Within the 13 miles, the river is passed by 21 bridges, 9 of which are stone arches, and 3 of these are of 60, and 5 of them of 45 feet span; and they sustain embankments, severally, of 40, 37, 52, 62, 70, 60, 42 and 31 feet above the water. Many of these require also heavy bank or river walls, some of which are 60 and 70 feet in height. The embankments must, of course, in many instances, await the completion of the bridges and walls. The masonry has been pushed vigorously, and as much of it is in progress as can well be carried on at one time. On the 1st of December last, 15,300 perches of it, (of 25 feet,) were finished, and 37,500 were yet to be built; 25,000 of which, however, are bank walls; of earth 136,000 cubic yards, and 86,000 of rock, had been excavated, and 304,000 yards of earth, and 97,000 of rock, remained to be taken out.

The Summit ridge is passed by a thorough cut above 2,600 feet long, and its deepest point 52 feet. About 57,000 cubic yards of this is estimated to be rock, and much of it is of the bardest kind. The whole material of the cut should come out in one direction, in order to form the large embankment east of it; and while the rock continues, but comparatively a small force can be employed upon it.

The grade immediately east of the summit is at the rate of 77.6 feet per mile; and still farther east it is 79.9 feet for two miles. At the summit, the road bed is 1378 feet above the Springfield depot, and about 1440 feet above tide water at Boston.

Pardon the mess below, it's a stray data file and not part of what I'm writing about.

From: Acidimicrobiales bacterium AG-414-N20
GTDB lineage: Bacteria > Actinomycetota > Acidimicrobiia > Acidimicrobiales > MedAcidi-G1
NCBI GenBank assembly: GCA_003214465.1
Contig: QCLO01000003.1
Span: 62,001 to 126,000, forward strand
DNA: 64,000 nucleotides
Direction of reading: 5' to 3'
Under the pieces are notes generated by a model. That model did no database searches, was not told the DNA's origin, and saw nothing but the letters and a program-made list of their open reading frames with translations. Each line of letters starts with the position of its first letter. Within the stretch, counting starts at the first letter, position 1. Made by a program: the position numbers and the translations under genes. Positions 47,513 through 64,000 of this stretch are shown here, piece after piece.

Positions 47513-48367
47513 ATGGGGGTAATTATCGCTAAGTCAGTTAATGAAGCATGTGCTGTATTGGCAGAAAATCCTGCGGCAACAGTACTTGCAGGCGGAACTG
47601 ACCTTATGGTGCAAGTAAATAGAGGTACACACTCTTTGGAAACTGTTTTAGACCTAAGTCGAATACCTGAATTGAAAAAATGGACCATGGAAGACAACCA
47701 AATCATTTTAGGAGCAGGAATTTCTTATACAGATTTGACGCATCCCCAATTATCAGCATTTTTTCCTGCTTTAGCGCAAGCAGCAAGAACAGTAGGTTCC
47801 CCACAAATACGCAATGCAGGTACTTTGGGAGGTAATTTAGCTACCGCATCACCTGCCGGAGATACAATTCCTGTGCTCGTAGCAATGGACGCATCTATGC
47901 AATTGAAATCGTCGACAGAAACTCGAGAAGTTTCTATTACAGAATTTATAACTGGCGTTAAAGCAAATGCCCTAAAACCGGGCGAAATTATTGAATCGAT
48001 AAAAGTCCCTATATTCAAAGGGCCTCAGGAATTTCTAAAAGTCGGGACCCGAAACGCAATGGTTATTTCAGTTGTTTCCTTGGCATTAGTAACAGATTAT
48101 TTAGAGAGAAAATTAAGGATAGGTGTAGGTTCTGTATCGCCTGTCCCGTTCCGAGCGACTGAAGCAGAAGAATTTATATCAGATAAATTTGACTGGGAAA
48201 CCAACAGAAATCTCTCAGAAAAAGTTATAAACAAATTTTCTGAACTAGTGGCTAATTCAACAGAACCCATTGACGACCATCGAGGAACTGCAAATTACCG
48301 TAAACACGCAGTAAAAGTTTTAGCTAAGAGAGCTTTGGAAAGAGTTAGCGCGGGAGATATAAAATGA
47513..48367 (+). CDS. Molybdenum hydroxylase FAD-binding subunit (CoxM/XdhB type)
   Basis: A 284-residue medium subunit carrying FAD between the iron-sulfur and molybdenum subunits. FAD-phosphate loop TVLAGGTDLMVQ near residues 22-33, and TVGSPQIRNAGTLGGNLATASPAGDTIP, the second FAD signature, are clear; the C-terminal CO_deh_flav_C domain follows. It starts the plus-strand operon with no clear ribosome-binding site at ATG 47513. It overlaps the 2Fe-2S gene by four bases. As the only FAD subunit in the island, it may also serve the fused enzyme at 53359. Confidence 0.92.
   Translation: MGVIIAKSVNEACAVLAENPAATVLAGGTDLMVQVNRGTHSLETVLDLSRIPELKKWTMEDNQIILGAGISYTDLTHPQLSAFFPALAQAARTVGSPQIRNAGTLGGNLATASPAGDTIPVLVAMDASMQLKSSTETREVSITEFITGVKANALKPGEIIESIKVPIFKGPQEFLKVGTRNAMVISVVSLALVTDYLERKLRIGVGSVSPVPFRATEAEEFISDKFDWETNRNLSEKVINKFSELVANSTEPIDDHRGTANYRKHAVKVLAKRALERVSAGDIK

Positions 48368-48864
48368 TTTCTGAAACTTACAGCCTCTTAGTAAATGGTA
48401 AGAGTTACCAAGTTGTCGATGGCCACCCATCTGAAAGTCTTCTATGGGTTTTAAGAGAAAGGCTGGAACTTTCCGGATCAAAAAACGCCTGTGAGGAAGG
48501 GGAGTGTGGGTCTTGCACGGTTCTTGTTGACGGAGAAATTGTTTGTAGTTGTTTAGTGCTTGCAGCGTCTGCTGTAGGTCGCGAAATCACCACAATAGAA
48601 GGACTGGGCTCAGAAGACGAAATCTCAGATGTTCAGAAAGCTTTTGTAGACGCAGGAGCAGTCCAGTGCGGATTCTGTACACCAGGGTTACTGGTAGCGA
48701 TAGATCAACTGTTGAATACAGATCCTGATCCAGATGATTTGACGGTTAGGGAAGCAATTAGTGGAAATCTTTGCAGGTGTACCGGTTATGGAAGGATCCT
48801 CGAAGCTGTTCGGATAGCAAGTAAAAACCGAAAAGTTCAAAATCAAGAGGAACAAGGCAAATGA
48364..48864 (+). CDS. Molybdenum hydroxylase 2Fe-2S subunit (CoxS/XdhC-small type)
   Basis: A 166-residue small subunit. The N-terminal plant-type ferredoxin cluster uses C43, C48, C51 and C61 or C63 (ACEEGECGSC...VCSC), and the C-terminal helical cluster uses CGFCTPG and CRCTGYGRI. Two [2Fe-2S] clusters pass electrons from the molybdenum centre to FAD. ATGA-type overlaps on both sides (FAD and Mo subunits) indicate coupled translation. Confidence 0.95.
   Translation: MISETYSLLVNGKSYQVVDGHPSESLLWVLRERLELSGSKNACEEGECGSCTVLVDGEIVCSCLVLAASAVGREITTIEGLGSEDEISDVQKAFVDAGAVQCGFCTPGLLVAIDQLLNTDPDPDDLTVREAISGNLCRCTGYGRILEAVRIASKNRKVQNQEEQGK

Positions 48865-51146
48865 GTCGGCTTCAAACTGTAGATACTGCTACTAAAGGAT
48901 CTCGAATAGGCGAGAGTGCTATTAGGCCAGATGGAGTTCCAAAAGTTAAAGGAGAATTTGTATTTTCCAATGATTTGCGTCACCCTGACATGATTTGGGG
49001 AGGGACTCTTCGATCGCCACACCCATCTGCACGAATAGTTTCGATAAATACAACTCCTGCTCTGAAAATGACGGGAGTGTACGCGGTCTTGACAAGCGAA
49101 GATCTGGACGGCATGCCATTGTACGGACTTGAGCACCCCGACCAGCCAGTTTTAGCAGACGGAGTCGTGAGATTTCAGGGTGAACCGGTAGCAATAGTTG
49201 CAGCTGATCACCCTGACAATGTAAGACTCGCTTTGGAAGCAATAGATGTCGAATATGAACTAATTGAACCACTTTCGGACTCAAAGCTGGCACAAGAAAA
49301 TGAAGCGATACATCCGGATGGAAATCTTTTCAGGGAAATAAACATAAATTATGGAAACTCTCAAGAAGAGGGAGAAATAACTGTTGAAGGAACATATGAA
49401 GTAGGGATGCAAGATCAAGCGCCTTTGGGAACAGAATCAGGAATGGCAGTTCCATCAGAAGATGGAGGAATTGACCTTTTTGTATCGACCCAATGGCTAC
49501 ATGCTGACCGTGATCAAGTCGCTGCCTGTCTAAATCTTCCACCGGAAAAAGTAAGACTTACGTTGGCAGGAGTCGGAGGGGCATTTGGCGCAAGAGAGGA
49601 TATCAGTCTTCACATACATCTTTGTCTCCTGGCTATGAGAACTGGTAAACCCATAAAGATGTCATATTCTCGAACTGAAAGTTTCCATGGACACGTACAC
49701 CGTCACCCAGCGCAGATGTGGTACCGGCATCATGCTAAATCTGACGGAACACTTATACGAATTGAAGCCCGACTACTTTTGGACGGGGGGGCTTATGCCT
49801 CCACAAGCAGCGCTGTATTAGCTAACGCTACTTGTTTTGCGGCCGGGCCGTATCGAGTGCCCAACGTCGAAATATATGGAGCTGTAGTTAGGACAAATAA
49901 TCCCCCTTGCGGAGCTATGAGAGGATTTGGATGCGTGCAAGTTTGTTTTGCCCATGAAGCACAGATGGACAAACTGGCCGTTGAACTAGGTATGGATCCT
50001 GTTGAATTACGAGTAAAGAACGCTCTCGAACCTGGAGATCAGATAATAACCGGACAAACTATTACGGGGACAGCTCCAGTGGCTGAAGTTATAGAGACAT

From present appearances, these summit sections will be the last work finished upon the line. In our report of last year it was stated, that in the condition in which it then was, no definite opinion could be formed, as to the time when it would be completed, and that this point could not reasonably be ascertained, before late in the year 1839, when the character of this rock cutting might be more clearly developed. The work is now so far advanced, as to justify an opinion, that the grading and masonry of this whole division may be finished in season for laying down the superstructure during the year 1841.

The parts of the road west of the river, already graded at different intervals, are as follows:

Between Springfield and Henry's in Chester,

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From this view, it will be seen, that of the 62.6 miles of the road west of Connecticut river, if no unexpected obstacle interposes, about 50 miles may be graded and ready for the superstructure during the present year, viz., 21 miles at the westerly end, 28 miles at the easterly end, that by the same time the superstructure may be placed upon at least 11 miles of the westerly part, and 20 or more miles of the easterly part, and the same be opened for use, that in the spring of 1841, the rails may be laid upon all the residue, excepting some 10 miles of the summit division; which may be completed in all that year.

Of the Iron for the superstructure, 3,500 tons have been purchased;about 2,000 tons of it have arrived, and the ballance for the whole line hav ing been ordered to be purchased, will be forthcoming, as the work may require it

(To be continued.)

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In the number of the Journal for March 1, article on "Atmospheric resistance to locomotion on railroads, etc.," page 139, 17th line, for "palaces now flying," read, palaces now plying. Page 141, 4th line, for "Nos. 288 to 291 and 288," read Nos. 285, to 291 and 288.

Last No. of the Journal, article on "Theory of the crank," page 205, 30th line, for "contrary varying motion," read continually varying motion.